2.10.2021

Delivering 1984 Kodachromes in current tech times. File organization? Who? Me?

 

Texas Governor, Ann Richards
at a Mondale-Ferraro rally in 1984.
Austin, Texas.

I was working in the ad business back in 1984 but I still spent time walking around with my camera. I heard that Fritz Mondale and Geraldine Ferraro, who were running for president and vice president at the time, would be at a rally at the Texas State Capitol so I put on a pair of shoes, grabbed a couple rolls of Kodachrome 64 (as in: ISO 64), my favorite camera and a 135mm lens. 

Politicians weren't as precious back then so there weren't layers and layers of security to wade through in order to get close to the speakers and presenters. You could just, kinda, walk up to the front row, about 30 feet from the candidates and claim a bit of territory on which to stand. So I did.

I photographed a handful of frames of Mondale and Ferraro and then Ann Richards gave a short speech. At the end of her speech everyone cheered and someone handed her a bouquet of yellow roses. She reached up and tipped her hat and I shot a frame of film. Slide film. No wiggle room. No post processing magic available at the time. Thankfully, I nailed the exposure but I was hand-holding the camera and lens at around 1/60th of a second and it was before the wimpy times of image stabilization everywhere. It's not the most tack sharp frame I've made in my career but it's acceptable.

The image turned out well enough and got some use by the Richards people for a spell. I wish I had taken more frames but in that time period, if you weren't on assignment and were shooting for fun, you might try one frame and save the next five or six shots on the roll in case anything else, weirder or more picturesque, popped up. 

When Ann passed away a few years back I had a bunch of requests for use of the image. I searched my computer and found some that I'd scanned at a decent (but not great!!!) size. I think the biggest scan was something like 1600 by 1000 pixels. But everyone's use was either newspaper or web so everyone was happy to get the smaller files. It's a good thing I had the scans because I was unable to put my hands on the original transparency even after searching for days....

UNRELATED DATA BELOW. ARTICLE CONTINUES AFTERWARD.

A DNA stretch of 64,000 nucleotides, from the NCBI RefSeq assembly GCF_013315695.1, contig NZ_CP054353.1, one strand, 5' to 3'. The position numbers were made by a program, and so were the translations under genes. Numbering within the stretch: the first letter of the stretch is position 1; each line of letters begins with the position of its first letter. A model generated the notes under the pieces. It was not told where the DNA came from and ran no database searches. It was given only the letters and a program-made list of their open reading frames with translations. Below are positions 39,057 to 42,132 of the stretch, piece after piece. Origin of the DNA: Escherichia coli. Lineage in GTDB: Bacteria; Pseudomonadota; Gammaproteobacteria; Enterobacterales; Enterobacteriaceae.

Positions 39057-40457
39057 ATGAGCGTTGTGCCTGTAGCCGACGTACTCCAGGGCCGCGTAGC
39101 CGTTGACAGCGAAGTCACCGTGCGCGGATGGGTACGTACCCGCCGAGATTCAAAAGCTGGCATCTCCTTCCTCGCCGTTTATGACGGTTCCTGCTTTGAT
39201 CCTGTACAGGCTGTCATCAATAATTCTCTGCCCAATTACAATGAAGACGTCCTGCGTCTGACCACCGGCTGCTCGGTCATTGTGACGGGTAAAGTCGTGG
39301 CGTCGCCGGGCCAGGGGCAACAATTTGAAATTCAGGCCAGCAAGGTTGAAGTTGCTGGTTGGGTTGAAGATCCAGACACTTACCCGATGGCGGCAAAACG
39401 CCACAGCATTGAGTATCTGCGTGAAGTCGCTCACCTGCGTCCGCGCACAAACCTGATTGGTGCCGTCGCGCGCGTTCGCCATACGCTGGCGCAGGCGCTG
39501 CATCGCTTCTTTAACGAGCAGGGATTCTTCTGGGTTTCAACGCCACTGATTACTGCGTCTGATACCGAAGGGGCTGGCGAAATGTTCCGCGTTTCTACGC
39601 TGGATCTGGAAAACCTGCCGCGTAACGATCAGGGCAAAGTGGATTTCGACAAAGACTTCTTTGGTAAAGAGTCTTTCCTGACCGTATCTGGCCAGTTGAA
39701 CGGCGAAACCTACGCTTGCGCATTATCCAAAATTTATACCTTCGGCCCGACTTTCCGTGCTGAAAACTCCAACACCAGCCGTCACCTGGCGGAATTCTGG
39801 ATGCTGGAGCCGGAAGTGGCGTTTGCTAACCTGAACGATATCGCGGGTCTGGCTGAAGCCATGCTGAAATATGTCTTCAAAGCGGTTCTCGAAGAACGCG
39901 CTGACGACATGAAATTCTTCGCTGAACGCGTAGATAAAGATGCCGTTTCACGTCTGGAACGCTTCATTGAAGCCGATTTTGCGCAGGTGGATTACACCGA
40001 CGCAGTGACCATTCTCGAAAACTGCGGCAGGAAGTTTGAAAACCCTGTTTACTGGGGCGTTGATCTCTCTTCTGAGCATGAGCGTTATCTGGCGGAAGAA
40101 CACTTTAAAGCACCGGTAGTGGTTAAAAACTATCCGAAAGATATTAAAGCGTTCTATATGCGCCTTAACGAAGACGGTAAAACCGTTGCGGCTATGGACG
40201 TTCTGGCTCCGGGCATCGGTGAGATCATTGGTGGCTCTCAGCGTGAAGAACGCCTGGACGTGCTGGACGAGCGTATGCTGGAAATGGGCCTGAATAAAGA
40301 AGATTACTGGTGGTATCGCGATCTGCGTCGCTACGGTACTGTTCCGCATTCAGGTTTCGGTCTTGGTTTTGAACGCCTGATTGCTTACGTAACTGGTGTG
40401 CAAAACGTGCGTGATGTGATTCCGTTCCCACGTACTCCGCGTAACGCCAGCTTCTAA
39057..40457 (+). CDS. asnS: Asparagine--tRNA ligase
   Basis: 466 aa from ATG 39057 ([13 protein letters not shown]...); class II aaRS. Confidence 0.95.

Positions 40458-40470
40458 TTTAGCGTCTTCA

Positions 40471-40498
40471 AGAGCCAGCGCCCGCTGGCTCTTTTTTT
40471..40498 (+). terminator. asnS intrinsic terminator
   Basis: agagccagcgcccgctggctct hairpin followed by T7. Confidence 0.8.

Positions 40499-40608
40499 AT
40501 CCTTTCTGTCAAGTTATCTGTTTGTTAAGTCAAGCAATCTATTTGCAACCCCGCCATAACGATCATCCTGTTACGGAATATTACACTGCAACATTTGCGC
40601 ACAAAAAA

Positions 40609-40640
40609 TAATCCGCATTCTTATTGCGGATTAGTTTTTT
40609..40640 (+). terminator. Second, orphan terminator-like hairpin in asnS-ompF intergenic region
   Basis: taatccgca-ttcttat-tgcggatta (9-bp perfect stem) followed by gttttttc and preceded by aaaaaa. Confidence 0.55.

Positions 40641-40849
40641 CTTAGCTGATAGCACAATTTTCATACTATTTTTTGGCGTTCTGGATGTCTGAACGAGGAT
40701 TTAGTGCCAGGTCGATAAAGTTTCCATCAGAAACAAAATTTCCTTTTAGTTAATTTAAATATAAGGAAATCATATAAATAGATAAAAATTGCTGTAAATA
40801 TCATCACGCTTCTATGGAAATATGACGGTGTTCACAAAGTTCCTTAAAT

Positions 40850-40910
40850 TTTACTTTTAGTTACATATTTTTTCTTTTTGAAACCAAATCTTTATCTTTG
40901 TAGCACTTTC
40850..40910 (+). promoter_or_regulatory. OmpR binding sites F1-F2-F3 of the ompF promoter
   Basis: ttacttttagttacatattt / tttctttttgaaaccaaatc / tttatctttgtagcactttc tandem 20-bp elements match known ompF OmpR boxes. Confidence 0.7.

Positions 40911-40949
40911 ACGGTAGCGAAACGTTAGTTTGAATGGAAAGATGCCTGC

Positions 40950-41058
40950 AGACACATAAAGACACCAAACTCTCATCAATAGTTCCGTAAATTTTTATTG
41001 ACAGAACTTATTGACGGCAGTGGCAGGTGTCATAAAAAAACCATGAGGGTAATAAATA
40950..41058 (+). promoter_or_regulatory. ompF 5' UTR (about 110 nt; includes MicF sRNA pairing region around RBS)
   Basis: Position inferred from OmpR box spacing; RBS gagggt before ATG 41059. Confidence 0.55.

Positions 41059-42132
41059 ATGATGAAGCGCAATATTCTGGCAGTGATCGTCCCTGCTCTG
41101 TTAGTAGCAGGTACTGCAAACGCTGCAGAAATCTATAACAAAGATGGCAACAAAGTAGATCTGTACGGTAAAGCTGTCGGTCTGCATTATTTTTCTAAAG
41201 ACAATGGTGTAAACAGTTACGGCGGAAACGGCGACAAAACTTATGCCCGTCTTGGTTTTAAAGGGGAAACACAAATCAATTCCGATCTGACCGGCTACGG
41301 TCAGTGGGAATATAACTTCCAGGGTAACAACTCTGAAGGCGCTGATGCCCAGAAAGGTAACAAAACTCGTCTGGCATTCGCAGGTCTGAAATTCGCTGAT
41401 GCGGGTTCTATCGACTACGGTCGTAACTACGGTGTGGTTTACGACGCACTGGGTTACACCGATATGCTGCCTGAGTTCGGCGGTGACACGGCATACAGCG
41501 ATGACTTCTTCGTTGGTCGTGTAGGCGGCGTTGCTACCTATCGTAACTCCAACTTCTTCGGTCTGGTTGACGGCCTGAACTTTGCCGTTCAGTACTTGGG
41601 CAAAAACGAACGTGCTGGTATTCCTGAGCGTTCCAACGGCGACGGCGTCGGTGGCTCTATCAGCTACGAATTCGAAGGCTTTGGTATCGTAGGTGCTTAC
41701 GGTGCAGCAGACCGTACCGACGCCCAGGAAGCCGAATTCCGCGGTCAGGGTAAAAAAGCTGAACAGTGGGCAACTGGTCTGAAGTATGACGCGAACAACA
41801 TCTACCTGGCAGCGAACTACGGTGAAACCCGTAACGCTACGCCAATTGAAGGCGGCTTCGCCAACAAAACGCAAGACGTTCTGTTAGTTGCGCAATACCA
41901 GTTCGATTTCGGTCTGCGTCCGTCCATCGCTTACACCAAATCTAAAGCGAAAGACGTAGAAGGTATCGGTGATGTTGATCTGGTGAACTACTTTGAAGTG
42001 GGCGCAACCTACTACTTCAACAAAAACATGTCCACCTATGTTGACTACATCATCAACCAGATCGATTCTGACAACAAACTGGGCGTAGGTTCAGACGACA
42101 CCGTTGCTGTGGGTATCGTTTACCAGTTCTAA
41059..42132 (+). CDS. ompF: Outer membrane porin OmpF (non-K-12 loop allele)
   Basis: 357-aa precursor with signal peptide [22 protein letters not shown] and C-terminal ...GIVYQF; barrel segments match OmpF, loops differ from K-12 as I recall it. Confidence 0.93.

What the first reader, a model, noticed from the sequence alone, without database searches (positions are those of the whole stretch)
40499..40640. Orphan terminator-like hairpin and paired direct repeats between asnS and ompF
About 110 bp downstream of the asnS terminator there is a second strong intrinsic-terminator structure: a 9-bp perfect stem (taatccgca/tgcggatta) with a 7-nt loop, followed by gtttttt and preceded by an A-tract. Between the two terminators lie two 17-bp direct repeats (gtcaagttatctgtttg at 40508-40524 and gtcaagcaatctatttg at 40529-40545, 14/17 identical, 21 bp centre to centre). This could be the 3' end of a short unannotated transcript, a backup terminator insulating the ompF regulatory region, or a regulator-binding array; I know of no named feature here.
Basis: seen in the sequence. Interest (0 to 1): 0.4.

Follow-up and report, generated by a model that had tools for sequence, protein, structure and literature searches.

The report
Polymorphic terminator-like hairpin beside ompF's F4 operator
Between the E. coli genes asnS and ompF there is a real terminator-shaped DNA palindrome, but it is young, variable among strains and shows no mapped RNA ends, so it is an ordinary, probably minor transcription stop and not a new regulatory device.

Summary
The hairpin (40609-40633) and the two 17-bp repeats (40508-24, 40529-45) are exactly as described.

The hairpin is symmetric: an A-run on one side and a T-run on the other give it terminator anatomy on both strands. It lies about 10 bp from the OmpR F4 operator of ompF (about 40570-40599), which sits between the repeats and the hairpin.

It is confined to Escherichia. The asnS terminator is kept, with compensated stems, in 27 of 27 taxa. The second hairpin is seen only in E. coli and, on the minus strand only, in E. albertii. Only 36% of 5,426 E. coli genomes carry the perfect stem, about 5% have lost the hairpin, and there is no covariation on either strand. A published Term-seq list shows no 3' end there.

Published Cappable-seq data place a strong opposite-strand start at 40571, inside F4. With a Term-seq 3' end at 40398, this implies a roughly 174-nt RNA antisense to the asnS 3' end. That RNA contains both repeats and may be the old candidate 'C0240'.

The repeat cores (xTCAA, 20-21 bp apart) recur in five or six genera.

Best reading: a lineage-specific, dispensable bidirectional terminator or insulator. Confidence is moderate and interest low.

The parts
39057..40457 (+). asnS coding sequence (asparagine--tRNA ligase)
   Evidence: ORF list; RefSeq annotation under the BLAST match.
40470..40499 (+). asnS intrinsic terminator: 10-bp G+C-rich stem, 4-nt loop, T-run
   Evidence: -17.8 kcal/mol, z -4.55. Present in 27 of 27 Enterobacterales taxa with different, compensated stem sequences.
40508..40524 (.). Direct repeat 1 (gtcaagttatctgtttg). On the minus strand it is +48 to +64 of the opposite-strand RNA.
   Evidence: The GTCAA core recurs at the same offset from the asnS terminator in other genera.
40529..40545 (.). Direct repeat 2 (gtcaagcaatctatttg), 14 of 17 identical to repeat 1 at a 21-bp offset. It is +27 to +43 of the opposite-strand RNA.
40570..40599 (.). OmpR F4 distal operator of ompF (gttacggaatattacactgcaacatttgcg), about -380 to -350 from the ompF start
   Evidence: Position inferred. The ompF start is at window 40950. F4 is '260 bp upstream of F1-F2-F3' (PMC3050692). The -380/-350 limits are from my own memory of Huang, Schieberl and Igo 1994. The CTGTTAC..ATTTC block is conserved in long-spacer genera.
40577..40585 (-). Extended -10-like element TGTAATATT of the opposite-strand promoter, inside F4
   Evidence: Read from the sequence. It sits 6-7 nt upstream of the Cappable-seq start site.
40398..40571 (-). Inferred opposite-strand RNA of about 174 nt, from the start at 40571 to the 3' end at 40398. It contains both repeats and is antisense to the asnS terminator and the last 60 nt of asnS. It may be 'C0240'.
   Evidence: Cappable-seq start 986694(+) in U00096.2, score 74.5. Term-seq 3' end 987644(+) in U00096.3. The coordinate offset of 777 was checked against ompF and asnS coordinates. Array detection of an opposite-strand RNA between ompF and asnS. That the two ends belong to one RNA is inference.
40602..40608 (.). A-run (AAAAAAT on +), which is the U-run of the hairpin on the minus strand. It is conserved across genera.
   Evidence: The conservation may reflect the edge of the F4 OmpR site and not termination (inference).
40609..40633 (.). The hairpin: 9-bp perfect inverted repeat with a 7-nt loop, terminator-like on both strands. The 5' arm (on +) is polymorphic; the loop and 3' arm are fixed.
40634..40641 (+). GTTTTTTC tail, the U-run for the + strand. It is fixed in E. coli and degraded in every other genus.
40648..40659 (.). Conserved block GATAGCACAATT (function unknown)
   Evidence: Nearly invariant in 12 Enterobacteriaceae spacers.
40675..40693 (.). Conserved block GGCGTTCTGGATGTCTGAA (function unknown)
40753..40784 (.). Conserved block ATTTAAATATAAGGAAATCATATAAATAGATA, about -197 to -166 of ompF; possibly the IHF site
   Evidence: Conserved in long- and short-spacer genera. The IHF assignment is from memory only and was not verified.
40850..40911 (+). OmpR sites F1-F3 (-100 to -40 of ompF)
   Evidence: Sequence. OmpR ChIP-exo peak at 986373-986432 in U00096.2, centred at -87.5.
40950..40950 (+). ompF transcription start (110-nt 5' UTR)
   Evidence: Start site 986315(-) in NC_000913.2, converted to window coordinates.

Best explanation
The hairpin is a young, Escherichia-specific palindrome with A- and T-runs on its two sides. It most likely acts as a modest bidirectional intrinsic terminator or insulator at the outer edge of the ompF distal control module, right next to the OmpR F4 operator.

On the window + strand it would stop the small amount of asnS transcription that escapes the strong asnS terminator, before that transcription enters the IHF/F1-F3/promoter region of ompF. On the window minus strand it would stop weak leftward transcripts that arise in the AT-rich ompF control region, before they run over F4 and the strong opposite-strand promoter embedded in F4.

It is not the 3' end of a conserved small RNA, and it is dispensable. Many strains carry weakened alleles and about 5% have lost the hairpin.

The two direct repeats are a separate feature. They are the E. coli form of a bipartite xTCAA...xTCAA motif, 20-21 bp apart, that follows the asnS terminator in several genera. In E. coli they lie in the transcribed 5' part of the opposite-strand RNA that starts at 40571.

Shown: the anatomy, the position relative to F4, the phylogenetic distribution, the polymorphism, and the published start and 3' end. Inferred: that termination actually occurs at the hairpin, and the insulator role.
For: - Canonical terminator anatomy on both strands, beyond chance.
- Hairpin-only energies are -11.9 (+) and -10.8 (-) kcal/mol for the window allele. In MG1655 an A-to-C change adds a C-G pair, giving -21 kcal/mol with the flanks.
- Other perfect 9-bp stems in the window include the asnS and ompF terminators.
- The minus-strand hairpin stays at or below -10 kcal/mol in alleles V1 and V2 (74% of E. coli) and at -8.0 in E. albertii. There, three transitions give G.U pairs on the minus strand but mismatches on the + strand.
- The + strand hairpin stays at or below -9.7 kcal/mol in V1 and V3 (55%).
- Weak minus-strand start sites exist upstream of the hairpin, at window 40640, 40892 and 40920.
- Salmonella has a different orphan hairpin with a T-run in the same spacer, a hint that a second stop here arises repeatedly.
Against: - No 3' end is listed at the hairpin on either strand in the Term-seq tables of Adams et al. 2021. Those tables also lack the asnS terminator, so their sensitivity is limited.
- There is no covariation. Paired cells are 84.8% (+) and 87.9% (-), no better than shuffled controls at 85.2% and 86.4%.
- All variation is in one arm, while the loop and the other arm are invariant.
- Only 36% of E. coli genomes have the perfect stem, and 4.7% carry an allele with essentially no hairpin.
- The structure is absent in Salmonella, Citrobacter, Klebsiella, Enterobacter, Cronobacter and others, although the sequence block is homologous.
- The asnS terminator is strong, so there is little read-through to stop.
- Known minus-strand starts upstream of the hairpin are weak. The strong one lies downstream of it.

Yesterday, one of the partners at Pentagram, (https://www.pentagram.com) which bills itself as "The world's largest independent design consultancy", got in touch and asked me if they could use (and pay a fee for) that image to integrate into a project about Ann Richards. I was flattered and thrilled as I have followed the agency, and the requesting partner, for decades.  We e-mailed back and forth and agreed on terms. He'd sent along a digital copy of the image as a reference for our conversation so I assumed he had what he needed.

As you might guess, a half hour later one of the people actually responsible for production got in touch and requested I send to them the highest resolution version possible of the image that I might have. I panicked. 

I spent most of yesterday evening busting open boxes I've been storing for decades looking for that one chrome. I looked through every folder in every drawer in every filing cabinet but kept coming up empty-handed. Finally, I dusted off the last box, poured everything out onto the floor of the studio and went through every slide page. And there, at the very bottom of the stack, was that Ann Richards image, stuck in a slide page with 19 unrelated images. 

My euphoria was short-lived. I had donated my last film scanner about eight years ago and I have no idea who in Austin still scans slides. I decided to do it myself and ran into the next brick wall. I no longer have a copy stand or a set of macro lenses with which to do slide copies. I took a breath and looked up an article about copying slides using newer, high resolution cameras and macro lenses. At that point I was confident the new Leica, or the ancient Panasonic S1R, would resolve more detail than the slide contained, but I lacked a well corrected macro lens. Rabbit hole, rabbit hole. 

I showed up at the camera store a bit after they opened today to buy the Sigma 70mm f2.8 Art series macro lens and a horizontal arm for my tripod. Back at home base I put my camera into electronic shutter mode and set an eight second delay to prevent any sort of vibration from degrading the shots and, after super careful focusing, I banged off five or six big, 47 megapixel raw files. I spent an hour dust spotting and fine tuning and then sent along huge, layered PSD and Tiff files. 

If I submitted this job to a business expert they would quickly divine that I'd done everything wrong and could have had the slide scanned for about $20. If I wanted a really wonderful scan I might have paid $60. Instead I dropped something like $650 to "scan" a fairly low resolution, 37 year old Kodachrome slide in a cardboard mount. I don't really care. I always wanted to do something with Pentagram. And I needed to figure out a quick way to copy more favorite old 35mm and MF negatives that I want to use from time to time. I'll mark this as a win... but also a hard lesson about filing and organization. I'm not sure you really own something if you can't find it. 

Why did I write this? Because I'm scared of two things in life: shots and blood tests. This post kept my mind off my upcoming, 5:00 pm appointment to be vaccinated; for about an hour. A good trade off yet again. 

Now I have copies of my favorite "Ann" photograph on multiple hard drives and also tucked away up in the cloud. Next time someone asks to use the image it should require nothing more that a few mouse clicks to get to a huge file. But I'm less happy imagining all the time it's going to take to organize a couple hundred thousand other slides..... Maybe it's best to not even start.